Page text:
Bankruptcy Law, Debt Relief

The Differences Between Secured Debt and Unsecured Debt

When it comes to debt and how it is handled in a bankruptcy case, two main categories exist, namely secured and unsecured debt. Even if you are not at the point yet where you will be filing for bankruptcy, knowing the type of debt involved can make a big difference, especially when money is tight, and you are worried about which debt to pay first: the mortgage or the credit card bill.

The main difference between secured and unsecured debt is the fact that one debt is secured by collateral and the other is not. Secured debt is debt that is guaranteed by collateral, which is something of value that the lender can seize for payment in the event the borrower is no longer able to pay on the debt.

Mortgages and auto loans are classic examples of secured debt. If you default on your mortgage or your car loan, the bank can foreclose on your home or repossess your vehicle to satisfy the debt. In comparison, unsecured debt is debt that is issued to someone but is not guaranteed by collateral.  The most common types of unsecured debt include payday loans, credit card debt, student loans, and medical bills.

When you are not able to continue paying on your unsecured debt, the lender cannot collect your property to satisfy the debt. However, they can report your account as delinquent, which will hurt your credit score. They can also pursue a legal judgment against you for the debt, resulting in a possible wage garnishment.

For the most part, secured debt tends to carry a lower interest rate on the amount owed. The main reason for this difference is the lender has some type of guarantee that they will receive payment, even if you default later. The lender does not have that same guarantee with unsecured debt. It is for this reason that unsecured debt tends to carry a higher interest rate because the investment is seen as more risk for the lender.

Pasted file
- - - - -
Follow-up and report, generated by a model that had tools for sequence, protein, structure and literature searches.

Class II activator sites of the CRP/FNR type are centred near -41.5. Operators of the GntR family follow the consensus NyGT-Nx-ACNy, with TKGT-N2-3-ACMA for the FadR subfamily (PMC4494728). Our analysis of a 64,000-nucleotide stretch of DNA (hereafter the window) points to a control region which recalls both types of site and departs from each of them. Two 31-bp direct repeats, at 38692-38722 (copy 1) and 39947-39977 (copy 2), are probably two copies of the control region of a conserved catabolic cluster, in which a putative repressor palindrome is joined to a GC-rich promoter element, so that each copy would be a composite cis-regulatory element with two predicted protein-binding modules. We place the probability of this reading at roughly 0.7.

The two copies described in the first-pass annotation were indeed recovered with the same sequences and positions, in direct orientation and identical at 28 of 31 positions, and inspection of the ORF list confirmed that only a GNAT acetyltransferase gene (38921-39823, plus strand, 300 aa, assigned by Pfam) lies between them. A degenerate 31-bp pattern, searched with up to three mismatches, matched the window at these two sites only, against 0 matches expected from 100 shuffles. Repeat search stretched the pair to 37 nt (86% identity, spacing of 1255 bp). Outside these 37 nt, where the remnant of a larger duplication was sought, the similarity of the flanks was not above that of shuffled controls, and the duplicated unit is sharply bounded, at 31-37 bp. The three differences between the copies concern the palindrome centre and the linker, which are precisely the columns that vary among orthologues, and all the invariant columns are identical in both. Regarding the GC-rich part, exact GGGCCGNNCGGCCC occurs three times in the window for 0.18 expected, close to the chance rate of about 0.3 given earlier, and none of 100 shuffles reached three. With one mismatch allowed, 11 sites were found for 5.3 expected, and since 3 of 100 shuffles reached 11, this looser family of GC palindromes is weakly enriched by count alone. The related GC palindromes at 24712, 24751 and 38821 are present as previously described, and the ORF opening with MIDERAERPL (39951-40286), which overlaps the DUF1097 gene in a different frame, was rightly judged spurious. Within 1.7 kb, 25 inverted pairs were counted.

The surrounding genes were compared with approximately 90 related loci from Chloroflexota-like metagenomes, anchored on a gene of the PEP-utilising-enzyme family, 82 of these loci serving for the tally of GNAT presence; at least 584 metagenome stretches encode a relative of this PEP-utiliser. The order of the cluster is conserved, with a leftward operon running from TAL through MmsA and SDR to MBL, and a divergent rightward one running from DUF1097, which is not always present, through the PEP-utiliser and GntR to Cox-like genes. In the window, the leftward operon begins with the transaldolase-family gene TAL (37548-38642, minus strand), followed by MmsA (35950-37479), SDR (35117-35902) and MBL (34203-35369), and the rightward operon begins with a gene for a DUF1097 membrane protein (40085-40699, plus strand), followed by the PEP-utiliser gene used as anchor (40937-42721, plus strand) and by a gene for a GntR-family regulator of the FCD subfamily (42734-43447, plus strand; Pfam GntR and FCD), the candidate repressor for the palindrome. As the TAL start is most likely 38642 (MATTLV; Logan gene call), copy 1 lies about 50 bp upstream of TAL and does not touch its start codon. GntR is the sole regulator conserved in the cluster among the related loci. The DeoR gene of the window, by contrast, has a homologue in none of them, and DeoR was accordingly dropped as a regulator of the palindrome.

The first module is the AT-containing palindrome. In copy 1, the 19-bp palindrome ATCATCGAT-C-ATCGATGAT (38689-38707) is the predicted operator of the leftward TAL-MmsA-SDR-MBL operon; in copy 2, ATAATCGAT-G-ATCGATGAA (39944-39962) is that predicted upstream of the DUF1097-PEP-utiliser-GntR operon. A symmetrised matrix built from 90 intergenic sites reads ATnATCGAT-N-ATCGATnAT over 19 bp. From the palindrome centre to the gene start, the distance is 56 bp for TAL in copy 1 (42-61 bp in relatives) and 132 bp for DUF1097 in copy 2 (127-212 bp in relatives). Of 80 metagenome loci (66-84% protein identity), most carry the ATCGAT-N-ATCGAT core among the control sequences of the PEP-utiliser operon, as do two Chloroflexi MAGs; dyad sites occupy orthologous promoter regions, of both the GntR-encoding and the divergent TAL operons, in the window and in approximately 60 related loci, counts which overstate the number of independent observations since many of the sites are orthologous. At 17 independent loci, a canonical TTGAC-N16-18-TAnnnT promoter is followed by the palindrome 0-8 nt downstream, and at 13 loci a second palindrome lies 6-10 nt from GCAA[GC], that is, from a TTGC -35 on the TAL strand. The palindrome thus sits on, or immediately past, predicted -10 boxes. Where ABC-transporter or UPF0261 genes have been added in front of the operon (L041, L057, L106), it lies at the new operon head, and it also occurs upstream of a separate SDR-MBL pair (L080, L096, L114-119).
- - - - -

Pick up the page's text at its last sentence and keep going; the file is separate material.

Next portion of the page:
When it comes to a bankruptcy case, secured debt is handled differently than unsecured debt. If you are filing a Chapter 7 bankruptcy case, unsecured debt normally ends up being discharged at the end of the case, while secured debt can stay with the asset. If you are struggling to pay unsecured debt, such as credit cards or medical bills, filing a Chapter 7 bankruptcy case may be a viable option for dealing with the debt. If you are struggling to pay for both secured and unsecured debt, a Chapter 13 bankruptcy case may be a good option to allow you to continue paying on your mortgage and stay in your home while discharging unsecured debt at the end of the payment period. An experienced bankruptcy attorney can evaluate your financial situation, after looking at the different types of debt you are carrying to determine which plan is best for you.

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If you have questions on this topic or are in financial crisis and considering filing for bankruptcy, contact an experienced Miami bankruptcy attorney who can advise you of all of your options. As an experienced CPA as well as a proven bankruptcy lawyer, Timothy Kingcade knows how to help clients take full advantage of the bankruptcy laws to protect their assets and get successful results. Since 1996 Kingcade Garcia McMaken has been helping people from all walks of life build a better tomorrow. Our attorneys’ help thousands of people every year take advantage of their rights under bankruptcy protection to restart, rebuild and recover. The day you hire our firm, we will contact your creditors to stop the harassment. You can also find useful consumer information on the Kingcade Garcia McMaken website at